Jonathan Erasmus
4 minute read
4 Jul 2022

OPINION | The truth is out

Jonathan Erasmus

“Our local governments need help, they need a tectonic attitude shift.”

Jonathan Erasmus.

The auditor-general’s report on local government for the period 2020-2021 reads like one of those books where the storyline remains the same, regardless of the author.

I feel for the relatively new Aditor-General Tsakani Maluleke and her band of bean-counting soldiers.

Every year they undertake the thankless task of auditing our municipalities, and like a music track on repeat, we get the same results.

And fewer people are listening. For Maluleke, her predecessors and those coming after her, there is little more they can do to stop this tsunami of fiscal devastation from rushing through municipal doors.

Their hands are tied. The rest is up to us. Through years of negative findings and news reports, the public has become astute in understanding the machinations of exactly how our councils do not work.

For instance, when we see roads with potholes and lengthy, if at all, turnarounds to having the things repaired, many of us will correctly guess that there are leadership issues in the roads departments.

We often also correctly guess that if one department is in a state of dysfunction, there is the extremely good likelihood of contagion in other departments.

As success breeds success, so ineptitude and failure lead to further dereliction of duty. The only way to escape this toxic trap is to firstly admit fault, and secondly, ask for help and forge a new path.

Accepting fault no longer seems to be an issue. Our political leaders have become very good at saying sorry, including our sitting president. It is the second part that appears to be tricky.

There are likely two reasons for this.

The first is either pride and/or arrogance. The second is fear. Pride and/or arrogance is something that has become synonymous with local government officials.

This is best characterised with the difficulty any member of the public often has in securing a meeting with a senior official.

E-mails and phone -calls go unanswered. Hand-delivered letters are ignored. Petitions are discarded and public meetings are seldom about accountability but rather box-ticking exercises.

Our bureaucrats have a false sense of importance when, in fact, their lack of activity directly reflects their impotence.

Fear is the other driver. There is, I believe, a genuine fear by many municipal workers that if they raise their heads above the parapet they will be exposed as lacking the requisite skills, or they will expose others — most likely a superior.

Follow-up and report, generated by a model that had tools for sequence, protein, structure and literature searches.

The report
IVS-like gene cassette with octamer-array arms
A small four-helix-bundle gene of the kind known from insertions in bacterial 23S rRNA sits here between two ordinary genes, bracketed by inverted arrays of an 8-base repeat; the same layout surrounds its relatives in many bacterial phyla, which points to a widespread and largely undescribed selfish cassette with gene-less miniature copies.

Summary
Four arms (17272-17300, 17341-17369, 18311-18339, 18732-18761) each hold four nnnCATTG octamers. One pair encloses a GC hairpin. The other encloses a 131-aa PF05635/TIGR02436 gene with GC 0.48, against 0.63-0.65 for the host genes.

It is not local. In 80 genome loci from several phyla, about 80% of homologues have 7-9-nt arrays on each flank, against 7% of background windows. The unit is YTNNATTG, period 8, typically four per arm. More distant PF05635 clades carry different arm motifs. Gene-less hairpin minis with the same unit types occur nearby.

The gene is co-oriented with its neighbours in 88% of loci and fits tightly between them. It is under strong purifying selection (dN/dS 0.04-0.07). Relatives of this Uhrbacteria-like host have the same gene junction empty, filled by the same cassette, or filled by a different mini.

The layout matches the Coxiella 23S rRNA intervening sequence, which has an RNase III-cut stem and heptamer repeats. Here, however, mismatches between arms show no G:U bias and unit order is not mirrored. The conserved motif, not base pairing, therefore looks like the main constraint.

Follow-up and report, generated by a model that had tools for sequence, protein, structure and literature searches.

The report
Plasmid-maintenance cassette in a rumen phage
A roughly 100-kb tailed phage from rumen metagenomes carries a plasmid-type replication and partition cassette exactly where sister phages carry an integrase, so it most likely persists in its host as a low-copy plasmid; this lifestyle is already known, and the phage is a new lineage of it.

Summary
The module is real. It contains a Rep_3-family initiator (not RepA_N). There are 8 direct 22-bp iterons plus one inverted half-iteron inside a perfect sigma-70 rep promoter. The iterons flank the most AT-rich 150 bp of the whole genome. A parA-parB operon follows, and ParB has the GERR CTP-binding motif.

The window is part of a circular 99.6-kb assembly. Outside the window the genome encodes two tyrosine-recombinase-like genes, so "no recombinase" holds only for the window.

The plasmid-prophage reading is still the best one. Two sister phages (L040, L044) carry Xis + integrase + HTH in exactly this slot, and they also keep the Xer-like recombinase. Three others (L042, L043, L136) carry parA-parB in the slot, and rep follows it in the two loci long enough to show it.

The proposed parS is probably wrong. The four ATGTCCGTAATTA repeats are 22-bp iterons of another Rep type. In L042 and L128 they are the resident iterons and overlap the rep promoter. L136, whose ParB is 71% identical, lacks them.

In worse case scenarios, they will be killed or lose their job. For many it’s a case of take the pay check and keeping quiet.

The data from the auditor-general’s report is clear: Our local governments need help, they need a tectonic attitude shift, and they must be prepared to ask for help. If they do not, everyone suffers.

And this is where the burden comes back to residents. If the council is not asking for our help, we as communities need to be altruistic and make a point of offering it.

In Bedfordview, Ekurhuleni, this is precisely what the community has done — with great success.

In April, residents there decided that they had had enough of the potholes and took it upon themselves to fix the roads, with or without the blessing or help of the municipality.

The results have been quite remarkable. Almost every day, the community has a team of private contractors fixing their roads.

Under the banner of Better Bedfordview, now a registered non-profit, they have adopted a monthly membership fee model which gives them stability of income.

Their efforts have not gone unnoticed, having garnered the attention of city mayor Tania Campbell, who now supports the initiative and has eased the red tape that the community organisation might face.

Both the council and the community group have come to the realisation that their future is intertwined.

While it may not be fair on the community to fund such an initiative when they are already paying rates, they are big enough to admit that in life, not everything is fair.

For them, the choice was clear — live in a dump or live in a place they like to call home.

• Jonathan Erasmus is a researcher and writer for Outa, the Organisation Undoing tax Abuse.